The following article is published in Filmmaker Magazine. Fall 2012, Vol. 21 #1.
There is a saying I once heard: “Once you change the method of distribution, the product has to change.”
This itself is a take on the idea that distribution defines the product. You see this around you every day in the products you buy. Cars are influenced by the dealership networks that sell them. Phones by the mobile network operators and the choice of computer you use at work by whatever the IT department or value added reseller prefers to work with. Mass market restaurants offer what can be sold by wholesalers–typically frozen, long shelf-life staples. Almost every product category is shaped more by what can be distributed than what can be produced. That’s simply because in mature economies distribution is harder than production. In consumer products it requires access to wholesalers who then require access to shops who themselves have access to prime real estate which attracts foot traffic. Production only requires capital. Distribution requires relationships, often exclusive ones.
This pattern is even more pronounced when looking at media products. Production is arguably easier since it’s constrained by talent, which is fungible. But distribution is even harder as it is addressing bigger audiences in shorter time frames. You see this lopsided balance of power in the abundance of books being written relative to those being published. There are thousands of films produced and hundreds get distributed.
But the saying suggests that if distribution were to change then the product itself would change. Indeed, if you can sell ebooks direct, then they tend to evolve into new genres (e.g. Fifty Shades of Grey). If you can sell cheap adult video online it tends to evolve into new genres as well (I’ll leave examples to the imagination.) YouTube videos quickly cluster around “Fail” or “Win” compilations which evolved from America’s Funniest Home Videos. They get millions of views. Even before the Internet, the availability of cable created the genre of music video, which created the first music broadcast alternative to radio. And of course, cinema itself redefined theater once it could get shown to millions rather than thousands. The new methods of distribution of media affected what gets produced rather than the other way around. Consider the converse: innovative filmmakers who try new storytelling methods are stymied by a lack of acceptance by existing distributors and find their material languishing in festivals or perpetual cult status.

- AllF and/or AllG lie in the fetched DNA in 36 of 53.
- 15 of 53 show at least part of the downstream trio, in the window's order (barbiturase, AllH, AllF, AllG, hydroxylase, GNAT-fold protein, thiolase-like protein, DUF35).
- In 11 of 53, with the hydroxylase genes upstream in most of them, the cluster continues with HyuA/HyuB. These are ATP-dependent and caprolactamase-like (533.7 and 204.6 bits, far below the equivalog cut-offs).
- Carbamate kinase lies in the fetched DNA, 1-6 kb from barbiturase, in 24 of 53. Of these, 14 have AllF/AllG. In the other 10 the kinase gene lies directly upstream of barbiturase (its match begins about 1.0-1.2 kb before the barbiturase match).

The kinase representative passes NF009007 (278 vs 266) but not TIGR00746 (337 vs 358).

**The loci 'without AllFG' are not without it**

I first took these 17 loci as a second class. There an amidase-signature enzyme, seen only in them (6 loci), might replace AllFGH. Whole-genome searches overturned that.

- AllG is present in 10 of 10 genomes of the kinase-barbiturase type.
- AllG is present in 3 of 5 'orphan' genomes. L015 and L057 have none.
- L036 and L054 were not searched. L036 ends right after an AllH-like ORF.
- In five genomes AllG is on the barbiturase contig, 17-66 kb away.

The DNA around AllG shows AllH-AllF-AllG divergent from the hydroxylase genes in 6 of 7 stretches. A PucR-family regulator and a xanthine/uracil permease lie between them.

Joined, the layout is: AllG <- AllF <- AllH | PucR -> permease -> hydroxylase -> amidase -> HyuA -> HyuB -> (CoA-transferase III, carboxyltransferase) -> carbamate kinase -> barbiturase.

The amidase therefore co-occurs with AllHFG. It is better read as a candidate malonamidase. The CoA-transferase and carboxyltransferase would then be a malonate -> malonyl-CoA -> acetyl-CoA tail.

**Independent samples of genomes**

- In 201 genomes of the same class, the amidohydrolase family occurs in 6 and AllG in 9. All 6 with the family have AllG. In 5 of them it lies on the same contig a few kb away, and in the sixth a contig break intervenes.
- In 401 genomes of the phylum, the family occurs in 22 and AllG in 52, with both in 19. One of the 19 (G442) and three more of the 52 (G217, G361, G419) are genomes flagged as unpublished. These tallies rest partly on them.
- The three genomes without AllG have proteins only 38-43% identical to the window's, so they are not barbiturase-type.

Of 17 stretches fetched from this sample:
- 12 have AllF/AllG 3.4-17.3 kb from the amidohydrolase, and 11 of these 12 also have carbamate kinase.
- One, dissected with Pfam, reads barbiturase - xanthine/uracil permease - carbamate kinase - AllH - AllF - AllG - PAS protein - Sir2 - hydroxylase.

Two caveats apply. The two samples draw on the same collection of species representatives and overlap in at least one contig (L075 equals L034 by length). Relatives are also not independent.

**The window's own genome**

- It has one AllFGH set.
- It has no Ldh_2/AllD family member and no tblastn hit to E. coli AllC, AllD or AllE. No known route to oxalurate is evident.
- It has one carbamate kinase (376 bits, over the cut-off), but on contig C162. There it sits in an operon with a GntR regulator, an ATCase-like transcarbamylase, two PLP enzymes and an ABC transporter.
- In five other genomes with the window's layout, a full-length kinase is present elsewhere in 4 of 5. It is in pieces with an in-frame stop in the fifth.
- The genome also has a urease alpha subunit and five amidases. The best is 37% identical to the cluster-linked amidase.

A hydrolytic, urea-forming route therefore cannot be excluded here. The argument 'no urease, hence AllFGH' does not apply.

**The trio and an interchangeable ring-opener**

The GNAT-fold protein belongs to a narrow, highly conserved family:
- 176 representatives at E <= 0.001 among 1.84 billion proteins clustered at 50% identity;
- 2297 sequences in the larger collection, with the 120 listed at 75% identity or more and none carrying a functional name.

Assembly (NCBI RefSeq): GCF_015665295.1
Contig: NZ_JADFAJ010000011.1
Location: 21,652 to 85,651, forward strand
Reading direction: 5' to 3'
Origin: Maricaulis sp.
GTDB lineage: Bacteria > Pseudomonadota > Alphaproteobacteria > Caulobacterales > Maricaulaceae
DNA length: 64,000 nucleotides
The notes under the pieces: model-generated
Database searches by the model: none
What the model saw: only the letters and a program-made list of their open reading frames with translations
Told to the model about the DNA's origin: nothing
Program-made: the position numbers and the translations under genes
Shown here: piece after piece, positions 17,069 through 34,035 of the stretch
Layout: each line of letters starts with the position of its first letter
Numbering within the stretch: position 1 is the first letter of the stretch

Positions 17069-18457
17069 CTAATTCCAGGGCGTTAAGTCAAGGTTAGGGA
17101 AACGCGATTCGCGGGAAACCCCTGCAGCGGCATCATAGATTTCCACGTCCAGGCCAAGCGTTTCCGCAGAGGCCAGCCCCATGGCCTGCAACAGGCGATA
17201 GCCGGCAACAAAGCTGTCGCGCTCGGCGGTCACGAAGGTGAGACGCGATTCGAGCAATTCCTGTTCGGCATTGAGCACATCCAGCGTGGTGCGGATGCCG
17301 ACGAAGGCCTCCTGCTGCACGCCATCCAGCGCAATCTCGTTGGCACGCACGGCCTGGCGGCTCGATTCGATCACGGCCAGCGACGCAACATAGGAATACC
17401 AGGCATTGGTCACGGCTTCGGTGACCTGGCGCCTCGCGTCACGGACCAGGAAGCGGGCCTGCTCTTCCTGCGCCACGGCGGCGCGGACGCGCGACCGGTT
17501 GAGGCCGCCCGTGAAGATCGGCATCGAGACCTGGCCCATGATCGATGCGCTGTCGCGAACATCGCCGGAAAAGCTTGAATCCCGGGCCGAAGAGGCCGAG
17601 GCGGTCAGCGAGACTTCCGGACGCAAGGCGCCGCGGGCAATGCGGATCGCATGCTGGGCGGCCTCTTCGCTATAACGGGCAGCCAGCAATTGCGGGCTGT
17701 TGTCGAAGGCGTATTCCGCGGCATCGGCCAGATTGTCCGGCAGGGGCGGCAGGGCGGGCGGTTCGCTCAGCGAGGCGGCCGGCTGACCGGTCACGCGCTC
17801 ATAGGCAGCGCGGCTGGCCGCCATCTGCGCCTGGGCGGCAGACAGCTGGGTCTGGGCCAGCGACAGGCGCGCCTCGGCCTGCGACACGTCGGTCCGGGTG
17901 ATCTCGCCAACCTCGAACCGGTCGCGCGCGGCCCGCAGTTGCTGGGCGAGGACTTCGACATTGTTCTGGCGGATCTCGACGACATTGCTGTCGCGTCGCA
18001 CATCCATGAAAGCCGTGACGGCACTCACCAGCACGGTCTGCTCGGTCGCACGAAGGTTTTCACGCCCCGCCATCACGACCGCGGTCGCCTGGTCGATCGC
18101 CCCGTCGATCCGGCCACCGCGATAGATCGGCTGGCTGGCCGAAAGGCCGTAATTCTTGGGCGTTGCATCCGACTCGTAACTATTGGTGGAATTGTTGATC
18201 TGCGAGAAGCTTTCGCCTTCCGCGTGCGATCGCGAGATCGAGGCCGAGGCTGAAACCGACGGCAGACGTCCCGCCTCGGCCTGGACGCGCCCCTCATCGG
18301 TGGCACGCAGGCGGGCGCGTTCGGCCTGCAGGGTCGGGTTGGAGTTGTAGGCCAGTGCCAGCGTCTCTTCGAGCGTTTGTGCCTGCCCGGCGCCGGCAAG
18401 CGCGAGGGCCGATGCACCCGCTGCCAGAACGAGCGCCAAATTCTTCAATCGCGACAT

So we can re-state the saying to a new “Law of new media”: Once you change the method of distribution, the medium itself has to change.